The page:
Operation Golden Pheasant

I threw the chocolate bar as far and high as I could. My cohorts and I watched in amazement

as a dozen or so Honduran children came running out of the tall grass.   They grappled with one another for bragging rights and the chance to eat an American candy bar.
      It was 1987 and I was a member of the United States Army. My unit, 3rd of the 27th Wolfhound Battalion, was part of a larger joint task force with the 7th Infantry Division known as “Operation Golden Pheasant”. We deployed from Travis Air force base in northern California and landed in Tegucigalpa, the capital city of Honduras in Central America. We quickly established a show of force and traveled south to the Nicaraguan boarder to help ease tensions between the Sandinista's and the Contra rebels.   After several weeks on the front lines of a civil war, hostilities came to a halt and a cease fire was initiated. It was then that I had an experience that completely changed my perspective on what it means to be born in America.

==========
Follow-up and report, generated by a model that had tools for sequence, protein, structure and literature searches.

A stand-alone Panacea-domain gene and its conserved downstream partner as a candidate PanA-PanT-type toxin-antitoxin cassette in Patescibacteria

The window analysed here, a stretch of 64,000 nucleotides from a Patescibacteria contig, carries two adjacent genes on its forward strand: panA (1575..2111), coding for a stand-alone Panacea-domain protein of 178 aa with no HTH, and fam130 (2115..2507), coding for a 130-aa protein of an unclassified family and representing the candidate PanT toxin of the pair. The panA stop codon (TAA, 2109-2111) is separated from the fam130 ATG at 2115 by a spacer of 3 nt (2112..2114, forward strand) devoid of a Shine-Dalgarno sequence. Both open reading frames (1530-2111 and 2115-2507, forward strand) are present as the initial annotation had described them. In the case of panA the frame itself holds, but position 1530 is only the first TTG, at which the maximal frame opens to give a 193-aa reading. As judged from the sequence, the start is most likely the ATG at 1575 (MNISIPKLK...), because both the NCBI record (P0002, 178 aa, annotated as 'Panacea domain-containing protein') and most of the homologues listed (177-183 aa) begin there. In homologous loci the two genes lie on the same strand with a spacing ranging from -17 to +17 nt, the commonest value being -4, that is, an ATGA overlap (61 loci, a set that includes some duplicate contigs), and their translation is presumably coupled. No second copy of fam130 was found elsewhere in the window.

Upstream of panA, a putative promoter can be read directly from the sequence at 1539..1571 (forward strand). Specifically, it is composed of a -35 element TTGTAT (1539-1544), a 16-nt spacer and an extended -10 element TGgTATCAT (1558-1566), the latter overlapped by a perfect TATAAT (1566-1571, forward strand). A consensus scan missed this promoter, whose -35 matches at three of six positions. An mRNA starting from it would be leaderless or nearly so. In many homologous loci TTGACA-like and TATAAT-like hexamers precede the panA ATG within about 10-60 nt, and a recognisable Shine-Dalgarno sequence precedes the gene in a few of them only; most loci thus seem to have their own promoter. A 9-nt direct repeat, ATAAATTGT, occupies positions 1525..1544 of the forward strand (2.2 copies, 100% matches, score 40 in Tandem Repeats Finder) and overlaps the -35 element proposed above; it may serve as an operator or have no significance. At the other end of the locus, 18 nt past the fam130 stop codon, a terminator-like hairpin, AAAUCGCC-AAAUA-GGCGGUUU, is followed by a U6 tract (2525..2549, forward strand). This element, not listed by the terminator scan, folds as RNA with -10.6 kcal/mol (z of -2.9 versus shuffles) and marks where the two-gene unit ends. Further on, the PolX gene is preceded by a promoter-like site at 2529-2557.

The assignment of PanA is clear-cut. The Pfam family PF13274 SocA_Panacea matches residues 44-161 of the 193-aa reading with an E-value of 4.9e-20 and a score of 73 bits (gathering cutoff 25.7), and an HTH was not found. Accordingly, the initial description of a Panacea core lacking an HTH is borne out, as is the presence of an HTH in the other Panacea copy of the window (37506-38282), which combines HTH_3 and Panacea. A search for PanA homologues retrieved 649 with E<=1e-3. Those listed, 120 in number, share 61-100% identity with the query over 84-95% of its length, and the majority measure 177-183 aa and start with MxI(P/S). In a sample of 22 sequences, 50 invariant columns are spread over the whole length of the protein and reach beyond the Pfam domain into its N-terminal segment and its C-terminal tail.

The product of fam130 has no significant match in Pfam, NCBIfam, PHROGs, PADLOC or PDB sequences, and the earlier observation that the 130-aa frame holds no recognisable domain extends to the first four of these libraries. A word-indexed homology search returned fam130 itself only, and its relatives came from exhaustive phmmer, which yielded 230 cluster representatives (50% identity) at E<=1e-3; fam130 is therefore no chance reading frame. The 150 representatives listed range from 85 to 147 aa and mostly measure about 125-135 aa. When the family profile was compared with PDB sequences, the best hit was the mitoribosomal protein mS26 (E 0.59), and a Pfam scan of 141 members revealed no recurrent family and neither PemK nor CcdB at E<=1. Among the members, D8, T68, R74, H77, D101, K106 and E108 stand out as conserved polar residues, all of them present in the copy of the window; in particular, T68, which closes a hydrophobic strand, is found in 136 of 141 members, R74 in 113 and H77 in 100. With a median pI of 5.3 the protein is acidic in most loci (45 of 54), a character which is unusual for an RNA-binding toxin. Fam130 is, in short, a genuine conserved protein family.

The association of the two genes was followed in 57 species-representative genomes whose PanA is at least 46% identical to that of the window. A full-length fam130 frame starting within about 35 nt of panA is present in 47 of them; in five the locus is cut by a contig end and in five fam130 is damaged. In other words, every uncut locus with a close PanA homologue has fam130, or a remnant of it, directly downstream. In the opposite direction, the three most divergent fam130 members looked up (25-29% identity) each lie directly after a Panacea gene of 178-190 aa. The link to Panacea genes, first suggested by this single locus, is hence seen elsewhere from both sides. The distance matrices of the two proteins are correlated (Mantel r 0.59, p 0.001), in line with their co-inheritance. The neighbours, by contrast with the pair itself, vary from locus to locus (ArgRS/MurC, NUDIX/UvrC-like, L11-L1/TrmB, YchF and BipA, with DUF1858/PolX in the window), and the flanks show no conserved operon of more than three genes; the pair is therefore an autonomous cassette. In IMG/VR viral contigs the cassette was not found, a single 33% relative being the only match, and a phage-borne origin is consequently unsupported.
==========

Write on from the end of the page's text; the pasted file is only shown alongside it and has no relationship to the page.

The security of our perimeter was still enforced but we were not on high alert. The captain of our platoon gave my squad a rare opportunity to engage with the locals and to show goodwill. Our squad leader, Sergeant Powell, decided it would be an adventure to walk into town and meet some of them. It was a long dirt road from the out skirts where we were located but we could see the town as we were walking towards it. As we approached, there didn't seem to be any two story buildings except for, what looked like, the oldest church I had ever seen. We marched single file towards the town square. People started to gather around us as we got closer. Fortunately, we had one Spanish speaking soldier in our squad, Corporal Huerta.

Communication grew stronger. Curious and guarded expressions quickly turned to smiles and laughter. People there were poor yet happy and engaging. The entire day zoomed by and we wanted to stay but had to report back before nightfall. Upon our return...